Functor => Pointed => Applicative => Monad

Michael Snoyman michael at
Mon Nov 29 18:50:28 CET 2010

On Mon, Nov 29, 2010 at 7:46 PM, David Menendez <dave at> wrote:
> On Mon, Nov 29, 2010 at 11:26 AM, Isaac Dupree
> <ml at> wrote:
>> On 11/29/10 03:39, John Smith wrote:
>>> Is there any intention to reorganise the standard class hierarchy,
>>> arranging them logically instead of in order of invention? I plagiarised
>>> the following example from
>>> and Trac:
>>> class Functor f where
>>> map :: (a -> b) -> f a -> f b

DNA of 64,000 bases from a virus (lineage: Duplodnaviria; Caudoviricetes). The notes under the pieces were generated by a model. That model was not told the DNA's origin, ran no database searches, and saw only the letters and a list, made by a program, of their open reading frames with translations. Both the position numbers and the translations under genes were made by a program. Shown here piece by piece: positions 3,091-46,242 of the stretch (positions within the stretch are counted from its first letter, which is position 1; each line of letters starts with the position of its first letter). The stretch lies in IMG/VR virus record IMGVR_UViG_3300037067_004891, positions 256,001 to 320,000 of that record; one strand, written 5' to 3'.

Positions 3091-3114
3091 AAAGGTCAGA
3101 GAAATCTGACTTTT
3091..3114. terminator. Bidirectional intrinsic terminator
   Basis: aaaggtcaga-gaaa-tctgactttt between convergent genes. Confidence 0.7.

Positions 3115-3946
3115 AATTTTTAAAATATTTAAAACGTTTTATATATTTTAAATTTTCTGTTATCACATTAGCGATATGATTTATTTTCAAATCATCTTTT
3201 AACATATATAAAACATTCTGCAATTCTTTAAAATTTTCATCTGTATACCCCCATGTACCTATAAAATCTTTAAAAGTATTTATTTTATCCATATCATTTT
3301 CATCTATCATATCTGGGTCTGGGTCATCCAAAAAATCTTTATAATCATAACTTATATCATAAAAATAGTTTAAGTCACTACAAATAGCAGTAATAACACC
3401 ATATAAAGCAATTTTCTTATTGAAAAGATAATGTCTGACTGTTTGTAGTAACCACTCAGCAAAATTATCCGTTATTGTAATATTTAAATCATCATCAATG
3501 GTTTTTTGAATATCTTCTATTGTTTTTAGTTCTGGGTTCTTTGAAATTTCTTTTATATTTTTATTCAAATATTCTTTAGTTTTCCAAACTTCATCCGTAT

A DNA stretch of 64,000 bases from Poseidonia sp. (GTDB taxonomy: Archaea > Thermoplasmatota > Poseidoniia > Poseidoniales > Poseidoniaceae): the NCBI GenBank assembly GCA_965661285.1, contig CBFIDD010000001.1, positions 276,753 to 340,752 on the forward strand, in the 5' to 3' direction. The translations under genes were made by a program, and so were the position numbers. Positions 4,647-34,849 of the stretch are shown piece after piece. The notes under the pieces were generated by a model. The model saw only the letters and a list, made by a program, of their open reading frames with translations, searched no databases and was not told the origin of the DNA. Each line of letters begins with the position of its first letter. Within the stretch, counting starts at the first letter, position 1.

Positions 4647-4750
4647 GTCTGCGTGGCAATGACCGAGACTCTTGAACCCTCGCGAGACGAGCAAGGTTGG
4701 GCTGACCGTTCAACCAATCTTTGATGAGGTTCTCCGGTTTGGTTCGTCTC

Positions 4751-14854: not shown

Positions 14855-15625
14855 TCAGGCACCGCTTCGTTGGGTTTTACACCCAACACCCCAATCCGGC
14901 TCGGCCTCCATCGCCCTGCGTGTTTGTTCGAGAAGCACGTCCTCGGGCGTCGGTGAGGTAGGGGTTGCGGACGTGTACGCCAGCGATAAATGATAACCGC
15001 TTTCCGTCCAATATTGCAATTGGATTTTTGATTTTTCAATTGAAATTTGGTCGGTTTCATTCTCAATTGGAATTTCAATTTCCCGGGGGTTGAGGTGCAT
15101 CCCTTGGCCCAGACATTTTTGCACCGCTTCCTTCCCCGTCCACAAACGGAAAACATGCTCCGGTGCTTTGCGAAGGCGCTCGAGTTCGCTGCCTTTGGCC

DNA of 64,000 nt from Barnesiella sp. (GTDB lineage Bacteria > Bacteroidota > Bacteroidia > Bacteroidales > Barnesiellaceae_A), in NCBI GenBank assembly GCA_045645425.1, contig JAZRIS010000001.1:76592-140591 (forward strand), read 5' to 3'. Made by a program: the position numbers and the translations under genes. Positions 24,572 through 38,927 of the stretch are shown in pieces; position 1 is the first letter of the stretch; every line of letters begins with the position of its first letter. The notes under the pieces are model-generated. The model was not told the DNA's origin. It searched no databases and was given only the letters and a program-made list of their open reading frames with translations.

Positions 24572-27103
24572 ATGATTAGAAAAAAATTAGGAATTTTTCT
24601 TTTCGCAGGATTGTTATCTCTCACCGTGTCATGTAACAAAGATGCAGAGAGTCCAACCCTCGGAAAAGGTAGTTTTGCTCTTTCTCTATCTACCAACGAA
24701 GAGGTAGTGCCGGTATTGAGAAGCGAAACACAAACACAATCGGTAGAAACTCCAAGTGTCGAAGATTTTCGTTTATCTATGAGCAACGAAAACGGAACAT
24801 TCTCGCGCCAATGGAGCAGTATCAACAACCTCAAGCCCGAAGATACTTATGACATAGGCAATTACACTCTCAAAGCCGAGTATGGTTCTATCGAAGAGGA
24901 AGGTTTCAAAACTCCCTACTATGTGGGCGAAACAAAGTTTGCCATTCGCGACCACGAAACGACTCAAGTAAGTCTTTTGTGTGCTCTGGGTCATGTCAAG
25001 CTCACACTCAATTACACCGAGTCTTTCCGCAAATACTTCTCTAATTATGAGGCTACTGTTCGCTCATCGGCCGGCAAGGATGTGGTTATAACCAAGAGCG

>>> class Functor f => Pointed f where
>>> pure :: a -> f a
>> Is it useful to have Pointed non-Functors?
> Is Pointed useful at all? The last time this discussion came up, I
> asked for algorithms which were generic over pointed functors (in the
> same way that traverse is generic over applicative functors) and no
> one could think of any.
> Without <*> or >>=, all we can say about pure is that it's a natural
> transformation.

It would be useful for the Failure typeclass[1]. As-is, we made Monad
the superclass just for ease of use, but there could definitely be
some non-Monads for which a Failure instance makes sense. I think the
one that occurred to me most recently is forms in Yesod, which have an
Applicative but not Monad instance.



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